Extremely powerful photo editor will equally delight pros, amateurs

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Price: Free
Platforms: Android, iPad, iPhone, iPod Touch

Pros: Professional-level editing tools, including RAW image capability.

Cons: Assumes some familiarity with photo editing. Students must leave app to get all the help resources.

Bottom Line: It successfully walks the fine line of photo-editing features, offering satisfying experiences for those making quick edits and those crafting perfect images.

Teachers can use Snapseed themselves to create attractive and illustrative photos for lessons or presentations. Students can also use Snapseed for their own self-expression or projects. It'd be best used in an art or photography class, but could be a helpful tool for any classroom where students will be capturing and sharing imagery for research projects or portfolios. Since the app is free and available for iOS and Android, it's easy for most students to have access to its use. If you or your students are new to photo editing, orient yourself to what all the editing options do on the support page. There's also a support forum specific to this app with plenty of people available to help.

One way teachers can kick off a collective self-education session with Snapseed is to have students spend a school day taking photos of each other, or of nature, architecture, or anything that catches their eye. Then, the next day in the classroom, have students choose a handful of photos to edit -- perhaps choosing for each photo a unique style that evokes a mood or an era. Later that week, they can then share their results with the class, walking students through the techniques they used in a presentation that includes before and after examples. Class discussion can compare how students edited photos of similar subjects.

Snapseed is a free photo-editing app by Google. It's available for Android or iOS. You can take photos in the app and edit them, or edit photos already in your camera roll, including photos in JPG and RAW formats. It includes a large number of preset filters to apply to your photos, but there are also 29 tools you can use to apply precise and fine-tuned effects, such as tune, curves, crop, brush, perspective, HDR scape, vintage, retro lux, portrait, lens blur, frames, vignette, text, and more. You can also save a combination of edits as a particular "look" that you can then easily apply in one tap to other photos.

There are built-in tutorials that quickly show you how to achieve certain looks, from vignettes to vintage postcards. Each one is very short, listing the tools that are used in the tutorial, then going through what you need to do with step-by-step visual examples.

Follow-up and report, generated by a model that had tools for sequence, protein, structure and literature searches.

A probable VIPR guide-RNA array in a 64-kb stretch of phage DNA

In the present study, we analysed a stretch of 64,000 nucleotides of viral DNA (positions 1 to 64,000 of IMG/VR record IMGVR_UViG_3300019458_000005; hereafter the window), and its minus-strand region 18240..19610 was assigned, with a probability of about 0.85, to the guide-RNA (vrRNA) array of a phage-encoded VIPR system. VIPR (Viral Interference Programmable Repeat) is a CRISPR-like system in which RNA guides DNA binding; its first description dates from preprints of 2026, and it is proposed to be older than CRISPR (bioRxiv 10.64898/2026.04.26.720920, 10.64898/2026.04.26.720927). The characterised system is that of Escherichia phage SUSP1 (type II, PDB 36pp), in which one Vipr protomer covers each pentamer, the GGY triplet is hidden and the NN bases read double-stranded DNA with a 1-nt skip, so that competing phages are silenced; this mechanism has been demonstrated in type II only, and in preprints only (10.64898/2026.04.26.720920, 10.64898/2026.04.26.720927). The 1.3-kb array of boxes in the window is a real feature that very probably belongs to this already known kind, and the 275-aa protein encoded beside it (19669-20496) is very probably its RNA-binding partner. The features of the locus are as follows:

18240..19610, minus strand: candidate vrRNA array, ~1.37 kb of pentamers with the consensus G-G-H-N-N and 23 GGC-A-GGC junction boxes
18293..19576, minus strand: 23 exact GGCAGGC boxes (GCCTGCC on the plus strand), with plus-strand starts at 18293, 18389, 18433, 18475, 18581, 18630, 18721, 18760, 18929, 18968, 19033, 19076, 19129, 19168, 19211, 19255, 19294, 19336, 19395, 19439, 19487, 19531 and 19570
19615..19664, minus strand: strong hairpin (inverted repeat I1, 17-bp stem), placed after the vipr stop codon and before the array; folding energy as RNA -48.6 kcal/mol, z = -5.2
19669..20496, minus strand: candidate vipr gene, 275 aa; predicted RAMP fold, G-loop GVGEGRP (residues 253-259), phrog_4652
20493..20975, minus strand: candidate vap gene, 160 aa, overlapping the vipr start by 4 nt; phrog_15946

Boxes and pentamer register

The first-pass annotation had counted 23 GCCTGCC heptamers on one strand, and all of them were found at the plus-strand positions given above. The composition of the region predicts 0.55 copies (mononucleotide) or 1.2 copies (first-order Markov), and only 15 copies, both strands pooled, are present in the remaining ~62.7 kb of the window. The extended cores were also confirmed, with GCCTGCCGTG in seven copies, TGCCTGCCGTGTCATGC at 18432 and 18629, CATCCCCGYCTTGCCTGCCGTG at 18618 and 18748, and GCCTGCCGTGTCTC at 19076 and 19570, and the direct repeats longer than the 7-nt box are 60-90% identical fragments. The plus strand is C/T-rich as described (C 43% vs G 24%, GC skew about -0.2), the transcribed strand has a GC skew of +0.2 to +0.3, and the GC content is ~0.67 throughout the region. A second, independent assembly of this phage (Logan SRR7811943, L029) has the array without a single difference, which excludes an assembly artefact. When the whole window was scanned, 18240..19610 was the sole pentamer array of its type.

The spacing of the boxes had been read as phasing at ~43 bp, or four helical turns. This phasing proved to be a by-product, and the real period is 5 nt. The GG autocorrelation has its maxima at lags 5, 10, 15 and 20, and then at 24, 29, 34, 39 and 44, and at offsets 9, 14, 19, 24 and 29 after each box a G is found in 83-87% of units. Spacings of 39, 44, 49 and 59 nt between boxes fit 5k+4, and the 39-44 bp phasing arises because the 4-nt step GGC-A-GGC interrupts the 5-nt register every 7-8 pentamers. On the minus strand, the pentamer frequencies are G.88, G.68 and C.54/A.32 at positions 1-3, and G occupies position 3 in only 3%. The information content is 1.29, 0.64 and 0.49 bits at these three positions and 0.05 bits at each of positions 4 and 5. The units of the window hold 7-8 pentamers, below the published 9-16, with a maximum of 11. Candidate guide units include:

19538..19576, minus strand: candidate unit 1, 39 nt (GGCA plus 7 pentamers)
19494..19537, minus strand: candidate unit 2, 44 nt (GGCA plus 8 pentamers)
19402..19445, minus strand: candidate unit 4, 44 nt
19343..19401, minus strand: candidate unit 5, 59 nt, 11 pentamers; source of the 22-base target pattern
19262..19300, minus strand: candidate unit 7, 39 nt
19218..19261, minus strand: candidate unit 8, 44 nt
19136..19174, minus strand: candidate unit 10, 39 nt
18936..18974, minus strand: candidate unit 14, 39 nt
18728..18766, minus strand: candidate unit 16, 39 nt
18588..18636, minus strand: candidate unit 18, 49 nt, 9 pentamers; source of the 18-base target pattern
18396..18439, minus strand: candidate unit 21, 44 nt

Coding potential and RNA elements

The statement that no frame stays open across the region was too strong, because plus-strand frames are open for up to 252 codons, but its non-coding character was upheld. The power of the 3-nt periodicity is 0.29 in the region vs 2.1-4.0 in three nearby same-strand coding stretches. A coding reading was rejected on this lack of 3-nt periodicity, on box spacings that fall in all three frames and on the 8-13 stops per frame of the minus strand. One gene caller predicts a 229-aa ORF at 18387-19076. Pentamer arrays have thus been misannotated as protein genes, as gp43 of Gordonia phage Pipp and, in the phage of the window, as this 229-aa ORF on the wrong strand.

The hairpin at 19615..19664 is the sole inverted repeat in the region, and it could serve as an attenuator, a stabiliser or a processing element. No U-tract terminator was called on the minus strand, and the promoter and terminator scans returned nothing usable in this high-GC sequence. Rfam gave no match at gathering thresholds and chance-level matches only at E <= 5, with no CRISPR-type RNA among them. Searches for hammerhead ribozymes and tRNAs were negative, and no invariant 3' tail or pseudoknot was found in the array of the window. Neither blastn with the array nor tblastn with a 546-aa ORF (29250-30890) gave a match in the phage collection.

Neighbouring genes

One particularly handy aspect of Snapseed is how easy it is to undo and revise work. At any time, you can undo or change any edits made so far, allowing you to access each edit separately. Then, once you're done with your image, you can share it, open it in another app, export it (creating a copy with permanent changes), or save it, which saves the image along with its edits that you can still undo/change in the future. 

Snapseed has a nice, simple design and a deep set of fun and useful features, but it's not entirely intuitive. While it'll take some time to get oriented -- including a lot of trial-and-error -- once you get a handle on things, it's clear just how much depth there is to this app and how much leeway you have when editing your images -- including a possibly best-in-class system for undoing changes and making revisions. In terms of the editing itself, there's a perfect blend of instant gratification presets and detailed, tweakable effects that make for long-term utility. The step-by-step tutorials also offer students an accessible way to focus their photo-editing education. While there's no shortage of competition in the photo-editing genre, this free app -- spanning both iOS and Android devices -- is one teachers must check out. The only other competitor that comes close is Adobe Photoshop Express.

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The uncluttered design puts the focus on editing. Cool tricks, like head tilt or "glamour" filters, make for instant engagement. Tutorials inspire new things to try.


There's an extensive collection of photo-editing tools, from the simple (cropping, white balance) to the professional (RAW developing). Edits can be undone, and the app includes plenty of tutorials.


The included tutorials help students learn how to use many of the app's features, but most of the help is on the support website and in the forums. It could use some in-app tool tips.

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